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Search engines can seem to track our entire lives. They can also trawl the web for junk images. Here are some that it found on 30th November 2013. Click the mosaic for an update - there are lots to explore.
Formed in 1979 at the Southampton Boat Show by a group of junk rig enthusiasts, the JRA (Junk Rig Association) is for its members and about their boats and their rigs. We aim to: promote the use of the junk rig by encouraging members to organise 'rallies' and 'junkets' (see About Us) and via our tri-annual Magazine and this site; encourage the development of junk and related rigs, the building or conversion of boats to the junk rig, and the use of vessels with the rig or its derivatives; create an international community of people who've already 'junked' their boat, are thinking of doing so, or are just interested in learning what it's all about.
Summing that up, our main job is to get the rig talked about. Former Chairman David Tyler certainly helped there: the Ocean Cruising Club recently awarded him their Rose Medal "for the most meritorious short-handed ...and exceptional voyage on board Tystie [from the UK to New Zealand]. You will have inspired many others, some of whom may well adopt a junk rig." David's follow-up voyage to and around Alaska was tracked here. Tystie and David are now in Canada.
We were formed in the UK, and although our 'office' address and banking remains in the UK we are run by an increasingly international Committee via the internet. A number of posts become vacant in 2014 so if you choose to join you could also put your name forward to help run the 'club'. It doesn't run itself. Our membership is now more than 50% outside the UK. Click the chart for detail.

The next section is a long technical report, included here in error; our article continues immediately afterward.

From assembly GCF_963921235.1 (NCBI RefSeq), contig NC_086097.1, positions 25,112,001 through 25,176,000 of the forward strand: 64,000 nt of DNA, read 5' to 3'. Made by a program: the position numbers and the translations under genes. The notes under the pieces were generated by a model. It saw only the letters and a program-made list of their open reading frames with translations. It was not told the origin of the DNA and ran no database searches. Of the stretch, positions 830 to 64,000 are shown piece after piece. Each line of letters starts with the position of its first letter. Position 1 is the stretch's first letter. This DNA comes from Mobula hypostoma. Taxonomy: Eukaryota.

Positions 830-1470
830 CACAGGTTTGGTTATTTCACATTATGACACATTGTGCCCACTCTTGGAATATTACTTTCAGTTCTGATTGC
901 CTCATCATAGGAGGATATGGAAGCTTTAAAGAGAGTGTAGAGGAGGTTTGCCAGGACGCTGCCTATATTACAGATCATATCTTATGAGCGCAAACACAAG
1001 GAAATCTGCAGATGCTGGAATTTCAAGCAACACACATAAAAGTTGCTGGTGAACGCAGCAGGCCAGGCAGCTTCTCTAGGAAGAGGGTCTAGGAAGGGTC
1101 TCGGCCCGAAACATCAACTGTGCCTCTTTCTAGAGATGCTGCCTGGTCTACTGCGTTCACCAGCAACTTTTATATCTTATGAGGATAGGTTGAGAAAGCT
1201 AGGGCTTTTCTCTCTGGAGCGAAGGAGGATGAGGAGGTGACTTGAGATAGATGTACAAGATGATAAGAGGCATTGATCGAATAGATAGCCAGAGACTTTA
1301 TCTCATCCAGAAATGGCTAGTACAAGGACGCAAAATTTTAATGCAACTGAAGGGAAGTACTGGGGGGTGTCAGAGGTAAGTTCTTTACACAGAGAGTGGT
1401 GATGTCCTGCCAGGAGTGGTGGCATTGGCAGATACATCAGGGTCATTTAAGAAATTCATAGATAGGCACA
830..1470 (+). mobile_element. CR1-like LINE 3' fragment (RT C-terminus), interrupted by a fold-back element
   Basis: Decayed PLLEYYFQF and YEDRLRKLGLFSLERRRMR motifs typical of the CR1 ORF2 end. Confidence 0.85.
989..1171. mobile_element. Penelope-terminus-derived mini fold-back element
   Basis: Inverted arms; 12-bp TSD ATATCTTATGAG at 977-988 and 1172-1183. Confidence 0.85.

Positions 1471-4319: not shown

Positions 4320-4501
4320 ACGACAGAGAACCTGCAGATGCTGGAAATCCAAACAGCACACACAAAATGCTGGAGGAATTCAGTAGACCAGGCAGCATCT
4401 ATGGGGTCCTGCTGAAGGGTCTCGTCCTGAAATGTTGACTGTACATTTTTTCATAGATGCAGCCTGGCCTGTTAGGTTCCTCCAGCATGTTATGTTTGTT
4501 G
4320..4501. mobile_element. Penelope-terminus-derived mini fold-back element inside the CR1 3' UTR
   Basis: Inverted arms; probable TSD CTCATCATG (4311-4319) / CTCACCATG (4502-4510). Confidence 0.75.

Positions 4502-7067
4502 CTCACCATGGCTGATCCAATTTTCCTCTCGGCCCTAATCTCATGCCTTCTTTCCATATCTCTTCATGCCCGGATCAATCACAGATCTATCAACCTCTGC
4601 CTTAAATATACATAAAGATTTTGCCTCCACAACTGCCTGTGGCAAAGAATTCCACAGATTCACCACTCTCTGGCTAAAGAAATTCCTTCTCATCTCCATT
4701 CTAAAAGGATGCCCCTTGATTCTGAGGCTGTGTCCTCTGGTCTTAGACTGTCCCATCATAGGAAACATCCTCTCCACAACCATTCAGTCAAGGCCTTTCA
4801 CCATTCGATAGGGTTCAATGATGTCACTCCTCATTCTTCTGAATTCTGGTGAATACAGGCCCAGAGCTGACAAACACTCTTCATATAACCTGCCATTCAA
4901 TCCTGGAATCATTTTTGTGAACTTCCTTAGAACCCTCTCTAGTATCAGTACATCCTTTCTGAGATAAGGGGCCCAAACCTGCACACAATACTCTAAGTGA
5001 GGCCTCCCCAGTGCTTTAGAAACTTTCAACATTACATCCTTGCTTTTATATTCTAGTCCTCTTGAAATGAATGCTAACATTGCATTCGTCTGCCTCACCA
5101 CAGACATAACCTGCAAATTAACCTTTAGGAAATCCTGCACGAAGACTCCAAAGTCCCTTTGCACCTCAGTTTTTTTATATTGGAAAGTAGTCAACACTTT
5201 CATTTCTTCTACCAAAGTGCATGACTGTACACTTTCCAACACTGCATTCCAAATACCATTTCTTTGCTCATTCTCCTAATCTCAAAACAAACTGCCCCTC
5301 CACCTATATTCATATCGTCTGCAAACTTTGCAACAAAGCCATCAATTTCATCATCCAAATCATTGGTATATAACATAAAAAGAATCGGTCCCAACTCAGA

Some time ago several members proposed Roger Taylor's high-Arctic design Mingming II as our Boat of the Month, but we waited until he got her sailing. Now he has kindly sent he following about her - and has included some fascinating video links :
"Mingming II is very much a development of Mingming I. She is a rebuilt and re-rigged triple keel Achilles 24, 23' 9" LOA, 19' 6" LWL, 7' 1" beam and 3' 3" draught. She has a single mainsail of 280 sq ft, a standard Hasler-McLeod shape, but with cambered panels. The top four are joined, with the draught broad-seamed in, while the bottom three are individual panels 'hinged' to the battens. The aerodynamic shape is achieved by varying the width of each hinge. Sail control is by a 7-part sheet, yard hauling parrel and a running luff-hauling parrel. The mast is a cut down conical aluminium lamp post, 200mm diameter at the base, 76mm at the top, and with 3.3mm walls. Battens are carbon fibre.
Like Mingming I
she is unsinkable, fully insulated and totally watertight. However, whereas Mingming I
just had a single central hatch, Mingming II
has ..... Read more here